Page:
Table 1 Reaction optimization

image file: c9cc06929a-u1.tif

Entry Activator (equiv.) TMSCHF2 (equiv.) Solvent Temperature [°C] Ratio 2/2aba Yield of 2b (%)
a The ratio has been calculated by 1H-NMR analysis using 1,3,5-trimethylbenzene as an internal standard.b Isolated yield.c 2a (20%).d 2a (14%).e 2a (31%).f 2a (32%).g 2b (9%).h Non-Barbier conditions were used (i.e. the nucleophile was generated 1 min prior to the addition of 1).i 2b (4%).
1 CsF (2.0) 1.8 DMF rt
2 CsF (2.0) 1.8 THF rt
3 t-BuOK (1.9) 2.0 THF 0 70[thin space (1/6-em)]:[thin space (1/6-em)]30 61c
4 t-BuOK (1.9) 2.0 THF −78 79[thin space (1/6-em)]:[thin space (1/6-em)]21 66d
5 t-BuOK (1.9) 2.0 Toluene 0 58[thin space (1/6-em)]:[thin space (1/6-em)]42 47e
6 t-BuOK (1.9) 2.0 CPME 0 55[thin space (1/6-em)]:[thin space (1/6-em)]45 41f
7 t-AmOK (1.9) 2.0 THF 0 88[thin space (1/6-em)]:[thin space (1/6-em)]12 72g
8 t-AmOK (1.2) 1.5 THF 0 >99[thin space (1/6-em)]:[thin space (1/6-em)]1 83
9h t-AmOK (1.2) 1.5 THF 0
10h t-AmOK (1.2) 1.5 THF −78
11 t-AmOK (1.2) 1.2 THF 0 93[thin space (1/6-em)]:[thin space (1/6-em)]7i 67


With the optimized conditions in hand (entry 8 – Table 1), we then studied the scope of the reaction (Scheme 2). Not only a sensitive ester (2) could be placed on the reactive aryl isothiocyanate core, but also additional susceptible electrophilic functionalities such as nitrile (3–4) and nitro (5) which remained completely untouched during the nucleophile formation/homologation sequence. Moreover, nitrogen-containing groups did not interfere with the transformation, as deduced in the case of azide (6) and diazo (7). Different halogens – bromine (8–9 – eventually performing the reaction in 10 mmol scale), fluorine (10), chlorine (11–12) – decorating the aryl nucleus at diverse positions are tolerated, thus allowing their reactivity in late transformations (vide infra) to be exploited. Moving to substituents of opposite electronic behaviour (electron donating groups) – alkoxy (12–13) or alkylmercapto (14) – resulted in clean reactions of comparable efficiency. Moreover, simple aromatic groups – phenyl, p-tolyl (15, 17) or 1-naphthyl (16) – provide the expected difluoromethyl thioamides in excellent yields. An intriguing and significantly valuable opportunity of the methodology is the one-step construction of highly sterically demanding scaffolds: accordingly, the introduction of methyl groups at the critical 2 and 6 positions of the phenyl moiety documents the validity of the tactic giving analogues 18 and 19. This aspect is further showcased in the case of the more crowded 2,6-di-i-propylphenyl analogue 20. The nature of the isothiocyanate does not influence the effectiveness of the technique: also aliphatic materials undergo the difluoromethylation giving the corresponding thioamides in high yields (21–25), thus confirming the positive trend manifested by aromatic counterparts.


image file: c9cc06929a-s2.tif
Scheme 2 Scope of the nucleophilic difluoromethylation of isothiocyanates.

The success of the procedure motivated us to evaluate the reactivity of oxo-analogues (isocyanates) en route to valuable α,α-difluoromethyl amides, synthetically and structurally relevant scaffolds,17 previously prepared via classical amide-linkage forging chemistry.18 The transformation is perfectly flexible affording the targeted motifs in high yield under full chemocontrol (Scheme 3). A series of functionalized aryl isocyanates are amenable for the direct difluoromethylation, including cyano (26), halogen-containing (27–29), alkoxy (30–33), and alkylthio (34). Again, scaling up to 10 mmol is compatible with the protocol (28). Clear confirmation of the suitability of the methodology for preparing challenging sterically demanding substrates arises from the outcome noticed with examples 36 and 37 (aromatic). Additionally, aliphatic congeners afford difluoromethyl amides with similar efficiency, it being worth noting the congested vinyl-substituted (38) and the adamantyl derivative 40.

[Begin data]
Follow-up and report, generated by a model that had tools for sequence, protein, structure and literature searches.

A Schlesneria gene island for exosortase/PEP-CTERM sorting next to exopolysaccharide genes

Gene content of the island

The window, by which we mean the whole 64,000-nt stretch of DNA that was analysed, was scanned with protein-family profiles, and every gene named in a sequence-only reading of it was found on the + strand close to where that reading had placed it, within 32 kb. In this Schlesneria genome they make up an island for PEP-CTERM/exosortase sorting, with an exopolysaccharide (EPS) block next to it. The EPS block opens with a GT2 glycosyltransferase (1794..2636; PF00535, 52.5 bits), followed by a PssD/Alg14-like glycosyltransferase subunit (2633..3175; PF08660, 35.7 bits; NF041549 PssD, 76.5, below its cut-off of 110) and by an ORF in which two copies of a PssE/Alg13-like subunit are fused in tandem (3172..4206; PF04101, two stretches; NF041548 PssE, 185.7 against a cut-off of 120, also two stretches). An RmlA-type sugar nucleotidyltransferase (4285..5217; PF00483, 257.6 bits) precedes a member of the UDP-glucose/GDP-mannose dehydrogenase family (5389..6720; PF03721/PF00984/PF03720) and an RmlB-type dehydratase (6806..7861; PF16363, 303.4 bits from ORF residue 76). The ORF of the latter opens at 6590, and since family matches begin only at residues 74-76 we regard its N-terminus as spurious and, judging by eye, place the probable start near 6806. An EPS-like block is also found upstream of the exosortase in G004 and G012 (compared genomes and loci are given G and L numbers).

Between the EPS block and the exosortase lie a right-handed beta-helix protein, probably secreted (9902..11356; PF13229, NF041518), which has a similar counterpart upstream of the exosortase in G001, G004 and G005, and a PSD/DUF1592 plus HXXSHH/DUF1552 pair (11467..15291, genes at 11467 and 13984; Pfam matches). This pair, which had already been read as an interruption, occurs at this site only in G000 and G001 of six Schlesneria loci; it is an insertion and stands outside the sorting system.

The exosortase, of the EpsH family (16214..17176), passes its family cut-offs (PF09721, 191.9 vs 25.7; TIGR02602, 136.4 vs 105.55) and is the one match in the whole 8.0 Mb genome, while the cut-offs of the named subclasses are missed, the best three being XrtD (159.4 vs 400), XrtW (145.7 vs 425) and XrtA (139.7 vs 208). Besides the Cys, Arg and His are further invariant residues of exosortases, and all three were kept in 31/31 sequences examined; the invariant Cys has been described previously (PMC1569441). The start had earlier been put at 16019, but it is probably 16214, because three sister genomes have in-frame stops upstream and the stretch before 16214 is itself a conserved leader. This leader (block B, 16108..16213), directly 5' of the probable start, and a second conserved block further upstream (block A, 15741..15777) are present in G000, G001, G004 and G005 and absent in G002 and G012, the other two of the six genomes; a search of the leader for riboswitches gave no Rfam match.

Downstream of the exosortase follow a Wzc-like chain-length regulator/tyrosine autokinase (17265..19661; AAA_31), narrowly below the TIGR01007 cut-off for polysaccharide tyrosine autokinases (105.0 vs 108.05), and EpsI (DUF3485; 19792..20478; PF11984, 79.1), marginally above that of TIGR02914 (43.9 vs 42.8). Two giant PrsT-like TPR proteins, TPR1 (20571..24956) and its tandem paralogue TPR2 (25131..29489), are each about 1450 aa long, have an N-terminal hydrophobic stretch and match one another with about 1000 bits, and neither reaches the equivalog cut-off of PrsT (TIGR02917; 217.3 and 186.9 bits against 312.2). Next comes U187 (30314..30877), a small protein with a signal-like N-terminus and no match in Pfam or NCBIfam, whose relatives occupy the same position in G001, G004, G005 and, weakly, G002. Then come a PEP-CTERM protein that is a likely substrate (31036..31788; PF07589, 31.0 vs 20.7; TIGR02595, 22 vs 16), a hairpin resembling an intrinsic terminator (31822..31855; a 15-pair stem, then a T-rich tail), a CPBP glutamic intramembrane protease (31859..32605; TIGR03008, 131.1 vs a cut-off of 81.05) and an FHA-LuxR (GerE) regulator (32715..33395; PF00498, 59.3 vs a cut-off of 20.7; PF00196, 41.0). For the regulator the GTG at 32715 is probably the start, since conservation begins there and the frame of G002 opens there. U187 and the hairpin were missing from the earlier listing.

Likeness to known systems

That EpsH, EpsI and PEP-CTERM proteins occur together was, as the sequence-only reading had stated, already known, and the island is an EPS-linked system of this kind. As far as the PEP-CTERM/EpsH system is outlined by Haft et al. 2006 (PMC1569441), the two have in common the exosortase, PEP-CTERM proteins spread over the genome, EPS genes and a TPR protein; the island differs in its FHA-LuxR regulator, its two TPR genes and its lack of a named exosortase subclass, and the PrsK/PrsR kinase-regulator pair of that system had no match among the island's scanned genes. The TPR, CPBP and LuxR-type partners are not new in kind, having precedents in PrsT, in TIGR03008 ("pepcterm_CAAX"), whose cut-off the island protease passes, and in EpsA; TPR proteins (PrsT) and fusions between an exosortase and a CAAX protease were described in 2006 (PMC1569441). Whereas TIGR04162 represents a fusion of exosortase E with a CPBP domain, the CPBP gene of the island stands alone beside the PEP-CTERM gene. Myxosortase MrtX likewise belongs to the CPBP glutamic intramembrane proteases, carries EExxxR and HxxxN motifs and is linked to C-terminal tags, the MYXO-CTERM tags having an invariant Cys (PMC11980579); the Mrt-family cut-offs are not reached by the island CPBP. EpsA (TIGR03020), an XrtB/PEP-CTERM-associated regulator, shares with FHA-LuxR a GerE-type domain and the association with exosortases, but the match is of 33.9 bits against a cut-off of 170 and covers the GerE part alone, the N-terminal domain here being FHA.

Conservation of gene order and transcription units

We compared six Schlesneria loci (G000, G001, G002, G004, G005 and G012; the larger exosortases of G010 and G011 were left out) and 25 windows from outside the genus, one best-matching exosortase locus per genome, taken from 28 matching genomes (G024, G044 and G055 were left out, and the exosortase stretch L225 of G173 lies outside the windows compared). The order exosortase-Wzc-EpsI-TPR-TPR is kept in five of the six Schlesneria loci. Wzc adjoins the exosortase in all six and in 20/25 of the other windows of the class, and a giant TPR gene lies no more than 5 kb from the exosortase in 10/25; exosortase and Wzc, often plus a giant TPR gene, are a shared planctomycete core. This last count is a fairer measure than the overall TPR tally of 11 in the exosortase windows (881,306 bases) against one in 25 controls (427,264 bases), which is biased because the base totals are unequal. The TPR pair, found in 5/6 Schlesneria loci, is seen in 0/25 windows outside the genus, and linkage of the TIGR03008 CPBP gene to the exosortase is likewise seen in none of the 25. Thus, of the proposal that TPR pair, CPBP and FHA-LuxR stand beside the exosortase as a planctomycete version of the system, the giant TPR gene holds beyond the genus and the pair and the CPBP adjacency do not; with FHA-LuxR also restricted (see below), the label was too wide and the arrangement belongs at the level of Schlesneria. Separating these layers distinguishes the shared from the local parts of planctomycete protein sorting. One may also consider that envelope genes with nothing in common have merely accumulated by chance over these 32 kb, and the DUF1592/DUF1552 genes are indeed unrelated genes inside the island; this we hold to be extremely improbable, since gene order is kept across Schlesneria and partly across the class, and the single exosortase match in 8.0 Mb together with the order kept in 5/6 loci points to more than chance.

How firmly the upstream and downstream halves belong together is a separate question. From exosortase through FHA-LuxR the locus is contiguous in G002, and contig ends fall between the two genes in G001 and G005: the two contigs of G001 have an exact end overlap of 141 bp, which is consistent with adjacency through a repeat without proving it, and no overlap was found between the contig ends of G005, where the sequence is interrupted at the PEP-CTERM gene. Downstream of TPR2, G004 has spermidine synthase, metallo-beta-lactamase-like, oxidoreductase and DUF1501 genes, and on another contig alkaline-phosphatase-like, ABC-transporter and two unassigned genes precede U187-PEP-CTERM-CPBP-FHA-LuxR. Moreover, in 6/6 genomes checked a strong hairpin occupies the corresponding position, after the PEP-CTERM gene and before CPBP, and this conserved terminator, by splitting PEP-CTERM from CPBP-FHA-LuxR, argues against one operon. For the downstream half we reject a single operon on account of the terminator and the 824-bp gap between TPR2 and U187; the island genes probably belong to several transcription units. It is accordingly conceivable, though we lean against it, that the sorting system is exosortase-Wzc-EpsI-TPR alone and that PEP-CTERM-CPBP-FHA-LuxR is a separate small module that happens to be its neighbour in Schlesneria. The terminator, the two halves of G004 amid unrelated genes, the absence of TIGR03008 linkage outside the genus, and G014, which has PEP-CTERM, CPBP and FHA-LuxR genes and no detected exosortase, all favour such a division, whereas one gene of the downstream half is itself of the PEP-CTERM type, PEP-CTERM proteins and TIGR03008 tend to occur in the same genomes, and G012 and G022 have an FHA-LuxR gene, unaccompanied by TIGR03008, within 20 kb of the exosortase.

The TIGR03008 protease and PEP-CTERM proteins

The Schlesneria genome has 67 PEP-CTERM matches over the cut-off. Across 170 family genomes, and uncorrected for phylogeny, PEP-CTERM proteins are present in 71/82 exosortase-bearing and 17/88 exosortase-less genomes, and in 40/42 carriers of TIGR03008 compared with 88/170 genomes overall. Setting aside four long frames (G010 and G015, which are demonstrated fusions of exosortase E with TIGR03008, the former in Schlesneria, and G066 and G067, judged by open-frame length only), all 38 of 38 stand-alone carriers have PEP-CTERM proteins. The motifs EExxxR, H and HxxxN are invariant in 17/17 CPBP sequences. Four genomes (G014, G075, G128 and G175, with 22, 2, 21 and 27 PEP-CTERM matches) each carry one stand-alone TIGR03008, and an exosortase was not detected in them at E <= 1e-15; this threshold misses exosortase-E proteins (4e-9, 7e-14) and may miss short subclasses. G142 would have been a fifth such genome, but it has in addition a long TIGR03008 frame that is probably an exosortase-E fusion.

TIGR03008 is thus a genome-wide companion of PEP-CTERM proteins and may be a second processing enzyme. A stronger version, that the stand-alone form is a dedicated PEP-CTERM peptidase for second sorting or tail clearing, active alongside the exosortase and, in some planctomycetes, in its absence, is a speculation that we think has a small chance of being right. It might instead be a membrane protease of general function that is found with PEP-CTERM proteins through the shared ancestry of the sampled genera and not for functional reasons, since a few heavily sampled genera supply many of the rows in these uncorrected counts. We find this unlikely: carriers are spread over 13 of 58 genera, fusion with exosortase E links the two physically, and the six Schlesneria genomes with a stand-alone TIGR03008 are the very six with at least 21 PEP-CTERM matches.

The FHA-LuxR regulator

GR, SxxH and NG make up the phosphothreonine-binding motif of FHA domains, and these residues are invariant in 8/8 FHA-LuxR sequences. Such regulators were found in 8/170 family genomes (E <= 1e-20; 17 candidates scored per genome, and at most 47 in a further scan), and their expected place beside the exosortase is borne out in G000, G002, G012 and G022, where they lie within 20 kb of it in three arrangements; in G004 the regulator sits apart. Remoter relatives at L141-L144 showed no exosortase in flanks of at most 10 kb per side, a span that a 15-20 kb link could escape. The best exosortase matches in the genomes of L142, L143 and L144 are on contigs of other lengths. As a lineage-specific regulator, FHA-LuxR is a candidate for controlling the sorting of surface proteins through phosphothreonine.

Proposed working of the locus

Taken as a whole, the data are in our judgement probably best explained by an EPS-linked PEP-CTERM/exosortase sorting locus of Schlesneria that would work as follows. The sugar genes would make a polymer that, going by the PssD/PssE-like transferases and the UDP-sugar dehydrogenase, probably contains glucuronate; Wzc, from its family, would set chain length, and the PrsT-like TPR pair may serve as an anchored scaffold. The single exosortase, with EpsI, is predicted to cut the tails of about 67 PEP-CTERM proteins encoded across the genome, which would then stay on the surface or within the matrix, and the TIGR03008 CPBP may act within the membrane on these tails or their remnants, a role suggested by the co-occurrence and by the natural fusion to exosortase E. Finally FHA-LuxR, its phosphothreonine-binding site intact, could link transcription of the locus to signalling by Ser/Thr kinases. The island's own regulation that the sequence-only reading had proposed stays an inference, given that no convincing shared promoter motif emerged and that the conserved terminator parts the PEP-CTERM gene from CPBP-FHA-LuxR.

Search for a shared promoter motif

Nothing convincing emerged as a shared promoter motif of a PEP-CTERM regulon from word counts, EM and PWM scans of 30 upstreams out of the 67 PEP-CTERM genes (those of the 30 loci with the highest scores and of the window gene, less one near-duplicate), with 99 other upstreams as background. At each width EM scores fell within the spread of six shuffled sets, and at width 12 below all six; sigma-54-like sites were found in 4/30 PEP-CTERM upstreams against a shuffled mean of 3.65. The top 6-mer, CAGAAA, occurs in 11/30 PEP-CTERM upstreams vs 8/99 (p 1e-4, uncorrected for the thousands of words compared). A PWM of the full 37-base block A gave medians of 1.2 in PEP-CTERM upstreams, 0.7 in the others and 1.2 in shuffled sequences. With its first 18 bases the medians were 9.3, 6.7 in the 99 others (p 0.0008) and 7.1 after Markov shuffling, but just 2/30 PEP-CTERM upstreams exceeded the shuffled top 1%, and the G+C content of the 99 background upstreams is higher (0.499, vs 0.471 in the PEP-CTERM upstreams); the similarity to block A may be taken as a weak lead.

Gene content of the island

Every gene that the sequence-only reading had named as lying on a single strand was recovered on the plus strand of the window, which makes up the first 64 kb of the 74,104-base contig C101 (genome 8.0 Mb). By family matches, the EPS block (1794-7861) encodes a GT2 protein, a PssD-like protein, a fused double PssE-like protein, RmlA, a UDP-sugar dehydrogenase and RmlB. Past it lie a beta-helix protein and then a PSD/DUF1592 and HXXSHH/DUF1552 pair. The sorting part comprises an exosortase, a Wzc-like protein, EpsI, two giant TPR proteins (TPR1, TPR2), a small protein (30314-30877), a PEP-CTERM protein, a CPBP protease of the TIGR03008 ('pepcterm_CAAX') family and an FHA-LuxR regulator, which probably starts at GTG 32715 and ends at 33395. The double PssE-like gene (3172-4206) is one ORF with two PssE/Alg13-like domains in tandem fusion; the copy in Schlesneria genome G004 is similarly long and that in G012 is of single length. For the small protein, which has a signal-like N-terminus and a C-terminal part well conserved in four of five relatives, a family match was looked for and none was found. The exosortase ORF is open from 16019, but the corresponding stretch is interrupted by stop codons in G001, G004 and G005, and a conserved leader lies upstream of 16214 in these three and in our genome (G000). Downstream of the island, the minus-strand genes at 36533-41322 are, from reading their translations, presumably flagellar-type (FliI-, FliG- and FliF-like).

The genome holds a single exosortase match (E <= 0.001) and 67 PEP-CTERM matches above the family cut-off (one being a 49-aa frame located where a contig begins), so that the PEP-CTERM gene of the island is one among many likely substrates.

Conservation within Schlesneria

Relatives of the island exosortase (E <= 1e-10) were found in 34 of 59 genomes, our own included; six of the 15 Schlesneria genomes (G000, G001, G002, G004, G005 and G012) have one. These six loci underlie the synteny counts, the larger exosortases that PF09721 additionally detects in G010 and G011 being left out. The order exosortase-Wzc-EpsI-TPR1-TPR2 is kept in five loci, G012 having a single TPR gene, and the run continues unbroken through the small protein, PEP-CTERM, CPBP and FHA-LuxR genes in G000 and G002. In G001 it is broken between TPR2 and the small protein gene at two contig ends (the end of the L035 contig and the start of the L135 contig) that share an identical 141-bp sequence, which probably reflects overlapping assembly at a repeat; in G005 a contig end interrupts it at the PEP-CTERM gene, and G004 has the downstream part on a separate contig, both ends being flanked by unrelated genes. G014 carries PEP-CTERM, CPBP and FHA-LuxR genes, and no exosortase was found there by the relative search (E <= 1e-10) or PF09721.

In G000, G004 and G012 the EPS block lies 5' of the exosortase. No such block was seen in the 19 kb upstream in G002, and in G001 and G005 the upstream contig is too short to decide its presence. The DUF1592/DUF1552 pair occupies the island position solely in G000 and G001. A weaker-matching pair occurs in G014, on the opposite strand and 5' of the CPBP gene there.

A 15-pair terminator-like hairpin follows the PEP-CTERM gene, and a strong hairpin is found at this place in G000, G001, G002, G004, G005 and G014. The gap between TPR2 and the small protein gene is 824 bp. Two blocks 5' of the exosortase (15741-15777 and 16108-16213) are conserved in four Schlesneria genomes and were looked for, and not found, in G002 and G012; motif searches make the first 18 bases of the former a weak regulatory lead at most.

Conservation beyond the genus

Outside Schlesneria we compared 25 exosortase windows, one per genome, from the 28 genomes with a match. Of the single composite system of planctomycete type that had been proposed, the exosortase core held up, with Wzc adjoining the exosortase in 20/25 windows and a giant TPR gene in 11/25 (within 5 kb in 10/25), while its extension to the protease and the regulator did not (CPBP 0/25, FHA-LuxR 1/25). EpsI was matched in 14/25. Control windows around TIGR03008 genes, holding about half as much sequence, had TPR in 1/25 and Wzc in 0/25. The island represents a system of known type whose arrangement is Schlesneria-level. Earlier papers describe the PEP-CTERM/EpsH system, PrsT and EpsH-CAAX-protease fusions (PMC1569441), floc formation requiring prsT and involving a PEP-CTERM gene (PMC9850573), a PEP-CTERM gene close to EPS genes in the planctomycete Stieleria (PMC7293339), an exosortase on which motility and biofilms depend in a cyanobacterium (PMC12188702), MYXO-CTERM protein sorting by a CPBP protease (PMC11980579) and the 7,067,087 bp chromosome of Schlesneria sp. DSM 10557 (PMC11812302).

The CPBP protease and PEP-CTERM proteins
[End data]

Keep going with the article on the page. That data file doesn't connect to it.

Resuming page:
image file: c9cc06929a-s3.tif
Scheme 3 Synthesis of α,α-difluoromethyl amides starting from isocyanates.

With the aim to explore the potential behaviour of the α,α-difluoromethyl thioamide motif, we realized a series of manipulations on the synthesized scaffolds (Scheme 4). Notably, the new motif withstands the Feringa Pd-catalyzed cross-coupling19 of PhLi, thus allowing the phenylation on the bromine-containing nucleus 8 to be selectively conducted giving the bis-phenylated structure 41 (path a). Under alkylative conditions (MeI, KOH), the difluoromethyl thioamide group of 20 is conveniently converted into the thioimidate 42 (path b). Because of our interest towards C1–Sn reagents,20 we were pleased to use a stannatrane21 for the transfer of the methyl unit to oxoamide 28 under Stille-coupling conditions, thus evidencing the stability of the difluoromethyl amide 43 (path c).


image file: c9cc06929a-s4.tif
Scheme 4 Synthetic versatility of α,α-difluoro(thio)amides.

In summary, we have developed a straightforward synthesis of previously undisclosed α,α-difluoromethyl thioamides via a tactic based on the nucleophilic transfer of a difluoromethyl carbanion equivalent to isothiocyanates. The treatment of the commercially available and experimentally convenient reagent TMSCHF2 with potassium tert-amylate allows the efficient formation of the difluorinated nucleophile. Full chemocontrol is uniformly manifested as indicated in the cases of challenging isothiocyanates embodying chemical moieties susceptible of nucleophilic attack. This high yielding methodology fully preserves its effectiveness when applied to the synthesis of α,α-difluoromethyl oxoamide using isocyanates as amide precursors.

We thank the University of Vienna and the OEAD for generous support. Dr R. Bartolotta is acknowledged for initial contributions and D. Dobusch for HRMS data. R. D’O. thanks the University of Basilicata for a visiting doctoral fellowship. This paper is dedicated to Professor Marko Mihovilovic in the occasion of his 50th birthday.

Conflicts of interest

There are no conflicts to declare.

Notes and references

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Footnote

Electronic supplementary information (ESI) available. See DOI: 10.1039/c9cc06929a